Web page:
In 1993, when Mark Johnson was in the nascent stages of his professional boxing career, the District native made the unconventional decision to negotiate the parameters for his next bout on his own.
The result of a telephone conversation with promoters in Los Angeles was a fight at the Great Western Forum against Rudy Bradley, whom Johnson dispatched in the sixth round. The flyweight received no prize money, and he recalled even having to cover travel and hotel costs for him and his father, Ham Johnson, who also served as his trainer.
Even though the deal was anything but a financial windfall, Johnson was well on his way to national acclaim. One fight later, Johnson beat Alberto Jimenez to win the World Boxing Board flyweight title for the first of his four belts over two weight classes.
The triumph against Jimenez earned Johnson the distinction of becoming the first African American champion at 112 pounds during a career in which he helped set the standard for achievement in the lighter divisions.
On Sunday, the fighter affectionately nicknamed “Too Sharp” joins the likes of Thomas Hearns, trainer Freddie Roach and ring announcer Michael Buffer as part of the International Boxing Hall of Fame’s Class of 2012. Johnson, 40, also is set to become the first fighter born and raised in the District to be inducted into the Hall of Fame in Canastota, N.Y.
“To be honest, I set my goal to become the first African American in history to win the flyweight title,” Johnson said Tuesday at Woodland recreation center in Southeast Washington. “Going to the Hall of Fame, that’s a dream come true, something I never thought of.
“I’m most proud I did it my way. I stayed with the same camp I had from the first fight to the end of my career. I didn’t get caught up all that stuff where people said I could have done more if I had left my dad and went with [Hall of Fame promoter] Don King. What people failed to realize was Don King had no small fighters, so I’d just be sitting on the shelf.”
So respected was Johnson, who reached No. 3 in the world pound-for-pound rankings, that other boxers preferred to go up in weight rather than risk facing him.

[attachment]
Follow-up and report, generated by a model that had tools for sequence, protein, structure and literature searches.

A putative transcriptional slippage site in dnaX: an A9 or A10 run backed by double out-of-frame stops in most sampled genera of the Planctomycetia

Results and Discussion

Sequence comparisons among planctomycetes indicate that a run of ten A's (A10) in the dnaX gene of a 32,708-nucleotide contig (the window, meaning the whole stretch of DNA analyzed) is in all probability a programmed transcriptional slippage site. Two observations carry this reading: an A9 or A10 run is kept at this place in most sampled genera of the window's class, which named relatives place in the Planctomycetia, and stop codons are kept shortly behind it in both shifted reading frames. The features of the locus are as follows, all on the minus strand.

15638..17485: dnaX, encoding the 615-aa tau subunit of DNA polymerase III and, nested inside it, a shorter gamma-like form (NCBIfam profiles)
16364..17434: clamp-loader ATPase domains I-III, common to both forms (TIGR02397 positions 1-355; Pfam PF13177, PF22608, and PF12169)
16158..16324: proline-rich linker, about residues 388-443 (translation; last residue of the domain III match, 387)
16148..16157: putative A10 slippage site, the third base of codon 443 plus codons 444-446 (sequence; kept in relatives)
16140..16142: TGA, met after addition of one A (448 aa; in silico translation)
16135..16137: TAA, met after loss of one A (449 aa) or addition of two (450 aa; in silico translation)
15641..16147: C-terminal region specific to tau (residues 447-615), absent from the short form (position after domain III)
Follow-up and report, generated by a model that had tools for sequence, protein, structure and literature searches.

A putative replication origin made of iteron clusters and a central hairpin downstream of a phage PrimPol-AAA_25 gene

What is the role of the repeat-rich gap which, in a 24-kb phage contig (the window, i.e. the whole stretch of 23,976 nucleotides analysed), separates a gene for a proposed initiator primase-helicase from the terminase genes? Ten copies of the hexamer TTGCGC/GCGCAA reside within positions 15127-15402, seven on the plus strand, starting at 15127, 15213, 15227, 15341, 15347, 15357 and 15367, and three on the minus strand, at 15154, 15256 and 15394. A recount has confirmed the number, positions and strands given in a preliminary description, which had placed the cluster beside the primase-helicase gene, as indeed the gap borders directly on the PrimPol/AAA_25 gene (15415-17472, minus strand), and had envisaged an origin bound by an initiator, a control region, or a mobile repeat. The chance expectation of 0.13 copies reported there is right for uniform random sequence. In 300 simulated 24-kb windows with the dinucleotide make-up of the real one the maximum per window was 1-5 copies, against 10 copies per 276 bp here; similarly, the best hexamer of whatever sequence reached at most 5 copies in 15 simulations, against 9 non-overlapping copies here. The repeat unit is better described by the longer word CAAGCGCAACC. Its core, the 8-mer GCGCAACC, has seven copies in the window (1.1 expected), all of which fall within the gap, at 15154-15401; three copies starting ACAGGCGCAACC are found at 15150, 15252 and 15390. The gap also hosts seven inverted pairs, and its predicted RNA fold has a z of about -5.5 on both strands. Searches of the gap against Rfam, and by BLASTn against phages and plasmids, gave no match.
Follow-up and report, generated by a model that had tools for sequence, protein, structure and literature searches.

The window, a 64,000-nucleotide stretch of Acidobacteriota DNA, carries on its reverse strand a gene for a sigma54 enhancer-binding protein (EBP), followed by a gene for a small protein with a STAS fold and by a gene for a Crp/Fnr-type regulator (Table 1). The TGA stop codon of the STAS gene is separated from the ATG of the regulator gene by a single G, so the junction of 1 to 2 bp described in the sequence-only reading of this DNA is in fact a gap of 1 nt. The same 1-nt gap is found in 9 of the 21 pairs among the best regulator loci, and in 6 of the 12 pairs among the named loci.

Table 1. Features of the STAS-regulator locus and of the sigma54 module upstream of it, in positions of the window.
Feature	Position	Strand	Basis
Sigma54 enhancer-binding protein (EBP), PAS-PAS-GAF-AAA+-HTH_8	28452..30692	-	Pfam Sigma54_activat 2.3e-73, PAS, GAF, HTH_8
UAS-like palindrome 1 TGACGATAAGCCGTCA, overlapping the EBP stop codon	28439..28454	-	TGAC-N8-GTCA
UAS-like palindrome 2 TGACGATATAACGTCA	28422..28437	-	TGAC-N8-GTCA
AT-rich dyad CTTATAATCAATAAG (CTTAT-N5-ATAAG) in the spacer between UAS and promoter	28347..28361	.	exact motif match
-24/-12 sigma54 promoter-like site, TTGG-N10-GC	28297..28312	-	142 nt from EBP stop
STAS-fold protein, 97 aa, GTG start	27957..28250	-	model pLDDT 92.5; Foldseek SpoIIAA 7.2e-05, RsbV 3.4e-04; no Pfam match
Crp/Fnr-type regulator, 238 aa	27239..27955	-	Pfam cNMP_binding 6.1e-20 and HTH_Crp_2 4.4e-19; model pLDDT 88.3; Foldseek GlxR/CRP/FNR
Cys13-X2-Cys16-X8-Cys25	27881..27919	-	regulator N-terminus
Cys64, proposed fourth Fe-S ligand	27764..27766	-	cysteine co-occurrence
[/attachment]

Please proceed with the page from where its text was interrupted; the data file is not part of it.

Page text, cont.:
When Johnson was the No. 1 contender for the International Boxing Federation flyweight title in 1996, champion Danny Romero vacated the belt to move to super flyweight. Johnson then won the vacant title with a first-round knockout of Francisco Tejedor.
Three years later, when Johnson became the top contender for the IBF super flyweight belt, Johnny Tapia vacated that title and moved to bantamweight. Johnson won the belt by beating Ratanachai Vorapin via 12-round unanimous decision at MCI Center, becoming the first person to win a boxing world title in the building now known as Verizon Center.
Johnson twice defended that title, including once at the D.C. Armory, before being forced to vacate the belt when he began an 11-month prison sentence. The jail time was the result of an altercation with his then-wife that violated his probation from a previous drug charge.
“I felt to me it was the best thing,” Johnson said of his incarceration. “It gave my body that time to heal because I had been boxing since the age of 5. So it gave my body time to heal, and I came back and won another world title.”
That came in August 2003 when, at 32, Johnson defeated Fernando Montiel by 12-round majority decision for the World Boxing Organization super flyweight belt. Johnson defended that title twice, including the second time at Baysox Stadium in Bowie, before losing to Ivan Hernandez via eighth-round knockout.
Johnson retired after one more fight, another eighth-round knockout, in February 2006 to finish 44-5 with 28 knockouts.
These days, Johnson has aspirations of becoming a boxing referee. Meantime, he works for the D.C. Department of Parks and Recreation’s Roving Leaders program and is based out of Spingarn High School. Among Johnson’s duties is mediating between gang members, home visits for truancy, writing referrals and reports for court appearances and appearing in court with at-risk youth.
“It gives me the opportunity to let them know I’m still humble. What I did you can do better,” Johnson said. “Boxing changed my life, and I think certain people come into different people’s lives for a reason. Right now at Spingarn, all the kids look up to me because they know I’m going to fight for them and help them.”